Mosul, and Iraq more broadly, have been shaken by waves of conflict since the 2003 US-led invasion that toppled Saddam Hussein and paved the way for a sectarian war.
Religious hard-liners forced women to cover up or stay at home, and extremists in particular targeted hairdressers, many of whom closed their shops in fear.
Another shock came in 2014 when the Daesh group swept across much of Iraq’s north, with the militants making Mosul their de facto capital.
The religious police of Daesh enforced ultra-strict rules on dress for all residents, making sure women showed no skin and men wore ankle-length capris and long beards, with no moustache.
The city has since gotten a makeover.
Five beauty clinics have opened since Mosul was recaptured last summer by Iraqi security forces, and they can hardly keep up with the flow of customers, most of them men.
Muhannad Kazem told AFP he was the first to relaunch his city’s beauty business with his clinic, Razan, which offers teeth whitening services and other dental care.
His secret? “The employees came from Lebanon, and the treatments and machines were imported,” said Kazem, 40.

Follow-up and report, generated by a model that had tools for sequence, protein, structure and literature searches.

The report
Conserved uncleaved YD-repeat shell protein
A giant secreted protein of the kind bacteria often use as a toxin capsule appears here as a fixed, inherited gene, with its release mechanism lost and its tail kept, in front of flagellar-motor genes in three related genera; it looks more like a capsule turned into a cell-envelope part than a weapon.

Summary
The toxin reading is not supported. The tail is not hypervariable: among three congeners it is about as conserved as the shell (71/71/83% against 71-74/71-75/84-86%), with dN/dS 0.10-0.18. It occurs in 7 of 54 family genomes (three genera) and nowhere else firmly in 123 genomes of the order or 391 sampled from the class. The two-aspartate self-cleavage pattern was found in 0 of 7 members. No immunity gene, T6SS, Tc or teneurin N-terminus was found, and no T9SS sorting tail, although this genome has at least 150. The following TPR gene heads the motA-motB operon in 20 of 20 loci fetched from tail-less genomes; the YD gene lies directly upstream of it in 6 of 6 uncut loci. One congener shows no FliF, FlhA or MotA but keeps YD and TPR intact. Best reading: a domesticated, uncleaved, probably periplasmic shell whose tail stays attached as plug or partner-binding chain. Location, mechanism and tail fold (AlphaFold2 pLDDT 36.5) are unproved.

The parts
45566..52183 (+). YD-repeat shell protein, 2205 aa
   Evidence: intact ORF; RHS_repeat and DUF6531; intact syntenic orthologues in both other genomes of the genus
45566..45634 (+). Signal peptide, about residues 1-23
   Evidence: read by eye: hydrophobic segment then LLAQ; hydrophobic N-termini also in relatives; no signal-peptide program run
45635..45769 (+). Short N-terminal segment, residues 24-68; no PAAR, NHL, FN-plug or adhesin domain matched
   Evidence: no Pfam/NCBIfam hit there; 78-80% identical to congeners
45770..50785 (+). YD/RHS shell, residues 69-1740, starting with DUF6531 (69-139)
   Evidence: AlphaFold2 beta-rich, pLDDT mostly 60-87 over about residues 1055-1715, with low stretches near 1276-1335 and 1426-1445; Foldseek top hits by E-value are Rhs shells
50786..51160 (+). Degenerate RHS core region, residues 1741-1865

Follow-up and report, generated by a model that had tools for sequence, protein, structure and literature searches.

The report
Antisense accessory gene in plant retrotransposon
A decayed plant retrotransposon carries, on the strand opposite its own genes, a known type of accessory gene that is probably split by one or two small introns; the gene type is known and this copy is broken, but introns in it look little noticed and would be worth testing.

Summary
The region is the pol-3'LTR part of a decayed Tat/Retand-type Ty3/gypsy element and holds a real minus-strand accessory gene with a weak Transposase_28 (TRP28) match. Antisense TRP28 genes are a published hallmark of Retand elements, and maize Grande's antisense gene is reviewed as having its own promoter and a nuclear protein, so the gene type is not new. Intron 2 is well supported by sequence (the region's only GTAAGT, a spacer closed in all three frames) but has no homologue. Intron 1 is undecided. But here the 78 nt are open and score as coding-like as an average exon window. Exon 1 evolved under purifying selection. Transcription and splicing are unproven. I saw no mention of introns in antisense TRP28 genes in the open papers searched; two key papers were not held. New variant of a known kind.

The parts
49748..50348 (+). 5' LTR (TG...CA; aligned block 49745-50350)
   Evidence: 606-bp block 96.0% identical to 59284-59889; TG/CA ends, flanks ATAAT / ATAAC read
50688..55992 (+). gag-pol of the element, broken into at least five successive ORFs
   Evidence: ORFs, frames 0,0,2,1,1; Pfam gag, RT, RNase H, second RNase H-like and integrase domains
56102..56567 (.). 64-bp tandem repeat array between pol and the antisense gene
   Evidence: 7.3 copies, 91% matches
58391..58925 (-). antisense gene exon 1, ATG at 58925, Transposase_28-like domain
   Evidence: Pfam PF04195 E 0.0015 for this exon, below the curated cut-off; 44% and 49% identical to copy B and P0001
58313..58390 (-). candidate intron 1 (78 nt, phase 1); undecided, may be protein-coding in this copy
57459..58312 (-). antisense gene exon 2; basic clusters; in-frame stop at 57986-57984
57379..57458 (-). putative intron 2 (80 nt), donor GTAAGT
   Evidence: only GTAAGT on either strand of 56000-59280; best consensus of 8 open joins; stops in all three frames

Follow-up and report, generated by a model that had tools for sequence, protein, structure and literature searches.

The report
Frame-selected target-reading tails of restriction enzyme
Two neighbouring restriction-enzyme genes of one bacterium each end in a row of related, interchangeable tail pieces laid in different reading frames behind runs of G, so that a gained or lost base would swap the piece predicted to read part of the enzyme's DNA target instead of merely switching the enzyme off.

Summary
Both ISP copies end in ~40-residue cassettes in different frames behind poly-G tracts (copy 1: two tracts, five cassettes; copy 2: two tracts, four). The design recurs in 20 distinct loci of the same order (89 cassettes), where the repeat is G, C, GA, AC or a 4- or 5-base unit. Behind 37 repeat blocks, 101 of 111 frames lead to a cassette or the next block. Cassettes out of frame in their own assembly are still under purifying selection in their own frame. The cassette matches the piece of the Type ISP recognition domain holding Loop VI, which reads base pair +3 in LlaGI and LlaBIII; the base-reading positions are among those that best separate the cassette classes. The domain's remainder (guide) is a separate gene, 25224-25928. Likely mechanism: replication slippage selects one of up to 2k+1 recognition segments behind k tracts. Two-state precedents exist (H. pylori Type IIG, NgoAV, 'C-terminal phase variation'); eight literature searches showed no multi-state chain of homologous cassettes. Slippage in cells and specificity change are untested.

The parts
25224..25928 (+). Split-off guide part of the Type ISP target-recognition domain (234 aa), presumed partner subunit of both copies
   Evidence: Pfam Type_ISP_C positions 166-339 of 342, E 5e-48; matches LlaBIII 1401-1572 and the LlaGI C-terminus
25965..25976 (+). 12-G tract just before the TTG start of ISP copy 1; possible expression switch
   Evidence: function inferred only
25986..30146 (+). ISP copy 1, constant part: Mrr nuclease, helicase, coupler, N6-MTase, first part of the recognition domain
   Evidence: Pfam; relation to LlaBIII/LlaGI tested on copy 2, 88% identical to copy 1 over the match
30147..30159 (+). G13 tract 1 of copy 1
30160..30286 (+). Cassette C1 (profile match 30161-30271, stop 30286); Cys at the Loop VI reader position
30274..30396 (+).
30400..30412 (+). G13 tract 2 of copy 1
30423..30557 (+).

The city’s medical services were hit hard by Daesh’s three-year reign and the months-long battle to oust it.
The available hospital beds in Mosul dropped from 3,657 before 2014 to just 1,622 last year, according to the local human rights commission.
But the city is rebuilding, and one new commercial center houses the Diamond Dental Clinic in the bottom floor, with the Shahrazad beauty center upstairs.
A poster at the entrance advertises what’s on offer: injections of botox and other fillers, slimming surgeries, dermatological operations, and more.
Inside the glossy interior are men and women alike, an unthinkable sight under the iron-fisted rule of Daesh.
A female employee carefully injected serums to prevent hair loss into the scalp of a woman gritting her teeth, one of the dozen customers streaming in per day.
Beautician Alia Adnan said the physical and mental impact of the militants on people in Mosul has been long-lasting.
“They have hair or skin problems because of the stress and the pollution that Mosul’s residents were exposed to, both under Daesh and during the clashes,” she told AFP.